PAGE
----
Then I went to do some chores and it was time to pick Kevin up. He was a bit woozy from the anaesthetic and has been napping since we got home. I need to make dinner now - chicken stirfry tonight. I will go and pull out a couple of the pak choy he has growing in a wheelbarrow out the back. Yum.

Sunday, August 10, 2008

Clearing the decks

Most of the day has been spent tidying the sewing room. I couldn't see the worktable for all the stuff dumped on it, and I kept falling over plastic shopping bags from Spotlight and Textile Traders whenever I entered.

Some success. I can see the table surface again and the bags are no longer a pedestrian hazard.

I have collected together the fabric I have bought to make some new trousers (once I finish the prototype. I have changed shape recently and my beloved pattern is now too long in the crotch and too loose in the legs. I have been twiddling and the amended version is partly sewn).

I tested some black fabrics that I bought from Spotlight and elsewhere to use for discharge dyeing. A mixed bag here. A black fabric that I bought as rayon didn't discharge at all and when I did a burn test was obviously synthetic. The two fabrics labelled 100% cotton reacted quite differently to the bleach. One, labelled as cotton broadcloth, discharged really quickly to a very attractive red/orange. The other, labelled calico, took a long time to discharge, but the end result was a rather nice yellowish grey.

Kevin is having a colonoscopy tomorrow and can't eat solids or drink anything other than clear liquids. I am keeping out of the way.

Saturday, August 9, 2008

DW Does Scarves

We had a great day today at the monthly Designing Women meeting. The theme was scarves - very appropriate with the weather we have been having. Everyone was asked to bring at least one. They were to be hand made or, if commercial, to demonstrate some interesting technique.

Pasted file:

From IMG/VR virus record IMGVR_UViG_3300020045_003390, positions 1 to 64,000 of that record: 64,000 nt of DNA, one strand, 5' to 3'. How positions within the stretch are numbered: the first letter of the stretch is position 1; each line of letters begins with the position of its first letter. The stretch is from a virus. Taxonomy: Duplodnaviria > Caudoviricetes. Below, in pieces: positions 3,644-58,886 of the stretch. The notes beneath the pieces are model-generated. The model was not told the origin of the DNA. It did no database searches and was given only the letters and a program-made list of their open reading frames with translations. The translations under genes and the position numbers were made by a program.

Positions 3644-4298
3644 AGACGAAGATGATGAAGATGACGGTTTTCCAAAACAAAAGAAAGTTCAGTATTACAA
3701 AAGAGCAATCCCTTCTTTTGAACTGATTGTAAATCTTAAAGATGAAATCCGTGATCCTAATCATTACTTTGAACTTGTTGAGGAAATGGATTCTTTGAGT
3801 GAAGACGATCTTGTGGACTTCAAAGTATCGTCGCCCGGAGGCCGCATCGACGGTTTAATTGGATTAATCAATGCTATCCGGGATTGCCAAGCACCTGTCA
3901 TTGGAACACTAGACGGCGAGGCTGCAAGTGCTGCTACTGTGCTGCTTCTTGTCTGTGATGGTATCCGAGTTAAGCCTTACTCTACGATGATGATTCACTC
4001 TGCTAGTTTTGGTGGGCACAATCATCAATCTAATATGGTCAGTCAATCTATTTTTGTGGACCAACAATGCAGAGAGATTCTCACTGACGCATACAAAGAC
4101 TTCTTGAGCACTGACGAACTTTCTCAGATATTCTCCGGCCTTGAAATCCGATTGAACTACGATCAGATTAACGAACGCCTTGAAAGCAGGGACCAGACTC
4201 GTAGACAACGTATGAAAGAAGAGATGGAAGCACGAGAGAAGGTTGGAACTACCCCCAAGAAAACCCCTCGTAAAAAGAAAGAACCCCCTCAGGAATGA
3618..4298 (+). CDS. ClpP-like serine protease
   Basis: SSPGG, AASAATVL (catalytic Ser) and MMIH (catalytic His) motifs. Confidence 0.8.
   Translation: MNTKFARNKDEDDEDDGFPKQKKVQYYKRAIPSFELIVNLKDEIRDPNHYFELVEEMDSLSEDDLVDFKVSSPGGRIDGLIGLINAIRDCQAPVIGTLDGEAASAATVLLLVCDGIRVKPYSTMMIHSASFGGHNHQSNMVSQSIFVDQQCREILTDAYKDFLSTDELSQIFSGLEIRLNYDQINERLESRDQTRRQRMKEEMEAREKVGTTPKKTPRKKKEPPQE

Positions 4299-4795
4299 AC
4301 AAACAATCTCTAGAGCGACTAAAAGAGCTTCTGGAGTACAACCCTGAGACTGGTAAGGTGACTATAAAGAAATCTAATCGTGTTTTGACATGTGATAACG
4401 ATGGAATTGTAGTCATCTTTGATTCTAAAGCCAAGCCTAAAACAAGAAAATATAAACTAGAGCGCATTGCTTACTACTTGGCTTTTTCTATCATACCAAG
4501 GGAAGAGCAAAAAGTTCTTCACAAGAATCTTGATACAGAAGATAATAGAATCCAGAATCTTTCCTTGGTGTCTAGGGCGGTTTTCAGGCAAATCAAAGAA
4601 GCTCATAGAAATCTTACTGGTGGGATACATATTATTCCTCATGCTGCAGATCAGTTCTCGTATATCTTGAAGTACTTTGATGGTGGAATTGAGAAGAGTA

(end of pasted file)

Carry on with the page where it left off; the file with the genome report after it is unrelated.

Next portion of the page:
I had rummaged in my cupboards and managed to unearth a bakers' dozen. This is one of them: silk organza with 3D flowers. I made this as a workshop sample at least a year ago.

The diversity (quality and quantity) of the items brought along was amazing. There were knitted scarves in lots of different patterns - some knitted on a few stitches for lots of rows, others on lots of stitches for a few rows; woven scarves - these were all commercial ones, but we had fun working out how they had been done; felted scarves - nuno, cobweb and standard felt; painted and dyed scarves - hand made and commercial, and including marbled, shibori-ed, salt and urea patterned examples in silk, cotton and synthetics; embroidered scarves and scarves made on water soluble. We even had a couple of interesting wraps - Tish's rectangle with holes got people measuring busily, and Jaslyn's (designer brand) scarf with sleeves fascinated everyone.

Then most of us set about making scarves on water soluble fabric. It has been decided that we will have a scarf display as our group activity for our exhibition in November.

Friday, August 8, 2008

Textile Friday

Had a very enjoyable day at Contemporary Quilt Group. Jocelynne spoke about some of the items of mixed media she uses in her work. I was reminded of some techniques that I had forgotten and made some memory jogger notes.

We also had a visit from Beth and Trevor Reid from Canberra. They have been in Perth looking after the TACTile group's exhibition - Eyeline - which was on display at the Craft Fair. Beth and Trevor brought along some of their own quilts and spoke about how they were made. It was extremely interesting to listen to them. Their work, especially the machine quilting, is amazing.

Thursday, August 7, 2008

Ugh, computers - day 3

The problem I had loading the update wasn't entirely my fault, hooray! The sequence in which we were told the files were to be loaded was wrong, and when David realised this we had no problems. I have spent the afternoon printing updated sample guides - this update has made all the stitches from both the Pfaff Creative Vision and the Diamond Designer available as motif fills. I doubt I will ever use more than a handful.

I also did some playing with the silk paper and knitting. This time I used some cotton knit that I bought in a roll from an auto supplies place (sold as cleaning cloth) some years ago. I have previously dyed some and used it with the embellisher. I coloured it with some of the Opulence inks that Dale sells, plus a few dabs of Jo Sonya Rose Gold (which looks much better in real life than it does in the scan).

I have realised that I did not sufficiently shake the Moonshadow Mists the other day and that was why there was no colour, only the brown. Today I used some more of the Opulence inks on top and it is much better. Again, even better in real life than in the scan.

Wednesday, August 6, 2008

Ugh, Computers - Day 2

I managed to purge the laptop sufficiently to defrag the hard drive, even though I only had 4% free space. Then I burnt 3 CDs as backups and dumped a bit more. I am obviously spoilt - the main computer we use (an iMac) has a 200G hard drive, and we have only used 86G.